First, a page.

When it comes to selecting the proper ethernet cable for your home or office network needs, there are a few things you will want to take into consideration before buying. What type of internet do you currently have? What performance speed is necessary to make your connection the most efficient? What range do you require to achieve the proper internet speeds? How many devices are going to be connected to your network? These few questions will help guide you to make the right decision when choosing the best ethernet cable for you and your network needs.
Some Simple Background Basics
The “Cat” in Cat5 stands for “Category”. Each Category of ethernet cables has its own characteristics and every new version has been optimized from the last in some way or another. This means that Cat6 (Category 6) cables are going to be capable of things that the Cat5’s (Category 5) are not, even if they are quite alike. While there are now later versions of ethernet cables than the Cat6, they are still an extremely adequate and reliable option, without being the priciest choice of them all. Category 5 cables were introduced in 1995 while Category6 cables were brought about in 2002. Cat5 cables are becoming increasingly more outdated as faster internet speeds take over, yet they are still commonly found being used. Is your office’s network speed hindering your work? Take a look under your desk and see what you’re working with. The solution could be as simple as updating your ethernet cable!
What Physically Makes Cat6 Better Than Cat5?
Cat5 and Cat6 cables are pretty similar when it comes to composition, however, Cat6 cables are undeniably superior when it comes to their functionality. They are both made up of four pairs of twisted copper wires, but Cat6 cables have internal separators or braided shieldings that insulate the wire pairings and isolate them to assist in the reduction of “crosstalk”. These separators are typically made of plastic for this Category. Crosstalk is defined as the undesired transfer of signals between communication channels. Silencing these cross-contaminating signals is just one of the reasons why Cat6 cables are the optimal choice when compared to Cat5 cabling. It is also why you will see just a slightly steeper price range when it comes to shopping around for Cat6 ethernet cables. Higher production costs result in higher prices. Later ethernet cable versions contain internal separators composed of foil or other thicker materials.
Speeds and Bandwidth
The speed and compatibility of Cat6 cables are far greater than any of its ethernet cable predecessors. The bandwidth capacity of a Cat6 cable is 250 MHz (megahertz), whereas the bandwidth of a Cat5 cable is 100 MHz. Cat6 cabling is capable of reaching speeds up to 10 GB (gigabyte) while Cat5 speeds can range from 10 Mbps (megabits per second) to 100 Mbps. They are also compatible with Cat5 and Cat5e cables (the “e” standing for enhanced). Cat5e cables were developed in 2002 and differ from Cat5’s in the ways that they can handle 1 Gbps (Gigabit per second) network speeds and they provide less crosstalk interference, while still slightly having more crosstalk than a Cat6. Although most would say that a Cat5e cable is adequate enough for most basic needs, it is becoming increasingly more outdated as the demand for faster internet speeds continue to rise. Yet, Cat5e cables are the most commonly purchased network cable currently. They have a lower production cost than many later versions and still supports faster speeds than Cat5.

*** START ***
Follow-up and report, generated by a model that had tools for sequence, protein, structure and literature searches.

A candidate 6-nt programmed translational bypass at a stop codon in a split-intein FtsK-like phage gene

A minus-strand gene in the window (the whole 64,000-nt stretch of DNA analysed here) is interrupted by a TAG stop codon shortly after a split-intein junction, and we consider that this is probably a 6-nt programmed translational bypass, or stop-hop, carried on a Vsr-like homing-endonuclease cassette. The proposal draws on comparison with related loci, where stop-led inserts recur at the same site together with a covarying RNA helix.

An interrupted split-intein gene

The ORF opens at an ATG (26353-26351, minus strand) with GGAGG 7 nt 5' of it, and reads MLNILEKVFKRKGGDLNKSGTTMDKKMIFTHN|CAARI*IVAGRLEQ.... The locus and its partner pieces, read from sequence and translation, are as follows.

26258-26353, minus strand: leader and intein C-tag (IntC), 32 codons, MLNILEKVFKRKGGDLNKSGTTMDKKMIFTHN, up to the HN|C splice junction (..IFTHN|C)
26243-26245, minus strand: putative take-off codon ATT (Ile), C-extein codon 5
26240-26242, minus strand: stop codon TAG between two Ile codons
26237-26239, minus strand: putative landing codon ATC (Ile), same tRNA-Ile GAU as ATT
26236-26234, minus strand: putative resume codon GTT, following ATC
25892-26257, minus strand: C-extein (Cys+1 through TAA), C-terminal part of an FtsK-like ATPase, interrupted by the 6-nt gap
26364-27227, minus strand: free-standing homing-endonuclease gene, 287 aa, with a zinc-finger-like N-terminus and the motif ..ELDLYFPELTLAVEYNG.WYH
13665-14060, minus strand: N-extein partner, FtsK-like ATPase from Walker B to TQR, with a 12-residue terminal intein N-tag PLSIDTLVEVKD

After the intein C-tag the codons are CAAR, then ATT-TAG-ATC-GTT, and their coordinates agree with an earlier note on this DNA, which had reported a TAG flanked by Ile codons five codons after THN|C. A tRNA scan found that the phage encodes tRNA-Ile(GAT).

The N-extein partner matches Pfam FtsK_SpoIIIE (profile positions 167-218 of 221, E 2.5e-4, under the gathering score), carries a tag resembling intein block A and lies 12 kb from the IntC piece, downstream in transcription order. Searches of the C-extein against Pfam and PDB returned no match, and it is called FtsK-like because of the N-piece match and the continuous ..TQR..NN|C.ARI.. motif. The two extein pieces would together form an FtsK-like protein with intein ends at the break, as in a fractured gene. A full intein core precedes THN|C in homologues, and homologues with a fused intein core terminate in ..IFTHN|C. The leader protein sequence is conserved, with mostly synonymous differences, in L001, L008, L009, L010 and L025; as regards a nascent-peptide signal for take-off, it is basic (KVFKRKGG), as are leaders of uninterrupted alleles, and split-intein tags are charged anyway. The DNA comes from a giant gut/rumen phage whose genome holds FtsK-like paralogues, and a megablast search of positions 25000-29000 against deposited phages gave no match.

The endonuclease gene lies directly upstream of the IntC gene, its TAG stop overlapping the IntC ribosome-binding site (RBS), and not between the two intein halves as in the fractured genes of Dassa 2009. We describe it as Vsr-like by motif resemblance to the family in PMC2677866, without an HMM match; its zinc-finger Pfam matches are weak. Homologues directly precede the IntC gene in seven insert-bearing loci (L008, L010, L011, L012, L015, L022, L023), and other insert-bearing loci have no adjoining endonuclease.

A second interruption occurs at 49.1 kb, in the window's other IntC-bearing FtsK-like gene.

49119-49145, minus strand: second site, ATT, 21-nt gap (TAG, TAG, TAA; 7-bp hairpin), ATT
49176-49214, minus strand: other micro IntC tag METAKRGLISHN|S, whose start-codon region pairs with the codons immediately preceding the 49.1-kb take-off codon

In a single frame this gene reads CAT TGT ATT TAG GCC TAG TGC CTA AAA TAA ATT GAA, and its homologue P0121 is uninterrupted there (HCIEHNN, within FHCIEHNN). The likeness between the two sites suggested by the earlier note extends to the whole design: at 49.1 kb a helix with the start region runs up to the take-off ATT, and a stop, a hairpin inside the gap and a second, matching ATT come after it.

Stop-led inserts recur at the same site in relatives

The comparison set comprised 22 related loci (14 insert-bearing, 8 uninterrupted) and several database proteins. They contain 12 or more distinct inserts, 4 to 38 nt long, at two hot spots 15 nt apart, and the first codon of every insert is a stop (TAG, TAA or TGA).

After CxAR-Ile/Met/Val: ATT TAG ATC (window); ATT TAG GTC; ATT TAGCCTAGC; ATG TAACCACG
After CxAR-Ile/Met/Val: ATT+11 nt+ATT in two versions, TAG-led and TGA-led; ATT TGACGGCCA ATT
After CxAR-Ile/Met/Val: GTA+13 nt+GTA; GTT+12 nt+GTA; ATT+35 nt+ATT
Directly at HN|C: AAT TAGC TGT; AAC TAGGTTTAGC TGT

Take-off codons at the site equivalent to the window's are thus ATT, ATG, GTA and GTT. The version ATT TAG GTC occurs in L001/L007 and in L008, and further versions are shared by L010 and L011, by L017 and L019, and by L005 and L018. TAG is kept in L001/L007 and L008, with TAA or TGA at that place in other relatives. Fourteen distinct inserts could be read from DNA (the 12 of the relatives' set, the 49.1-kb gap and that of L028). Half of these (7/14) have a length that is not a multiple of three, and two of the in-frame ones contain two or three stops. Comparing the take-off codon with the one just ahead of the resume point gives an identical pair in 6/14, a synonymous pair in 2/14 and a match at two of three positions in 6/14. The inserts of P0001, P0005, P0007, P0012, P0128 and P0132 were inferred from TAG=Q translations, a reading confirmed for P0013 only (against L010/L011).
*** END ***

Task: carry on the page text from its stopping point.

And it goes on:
Do you plan on running a hefty array of devices on your network? What about streaming shows or downloading your new favorite album while you Google something on your mobile device at the same time? Or do you have an office with plenty of employees that rely on your office’s network to complete their daily responsibilities? Cat6 cables are going to be the more suitable option for you rather than a Category 5. They are the more appropriate choice for video streaming and multitasking because they are capable of handling the faster download speeds and heavier data load that is required for such tasks.
Both Cat5 and Cat6 cables reach up to 100 meters, but Cat6’s 10 Gbps (gigabits per second) speed is only fully effective up to about 50 meters, meaning anything past that, its speeds could be bogged down and not quite as dependable as they would be with a cable under 50 meters in length. Longer ethernet cables are usually going to have slower transmission speeds compared to shorter cables and may have more interference as well. Regardless of the distance restriction on their speed, Cat6 cables are still more capable of handling the fast pace of Gigabit Ethernet networks, and unquestionably worth the few extra dollars. If you want a speedier and smoother user experience, Cat6 is the more reliable option for you.
The Living vs. The Living Dead
Are you still using a computer from 1995? Probably not. More than likely your computer isn’t anything older than five years old or so. It would be a true task to work on a computer that has been around for a quarter of a century. These devices become obsolete because the newer equipment and software have been further developed and are far more superior. So why would you still be using an ethernet cable from 1995? Cat5 cables are becoming increasingly outdated and getting phased out all the time because of this.
Overall, Cat6 is going to outperform Cat5 and its variants in the majority of situations. Its faster speed capabilities and proficiency to muffle or silence crosstalk make this Category far more exceptional than its outdated network cable forerunners. Cat6 cabling can bear the substantial data load required for streaming and multitasking in today’s fast-paced world. All of the aforementioned is plenty supportive evidence as to why Cat6 is the optimal choice compared to Cat5. Cat6 cables are going to be the answer to your network needs.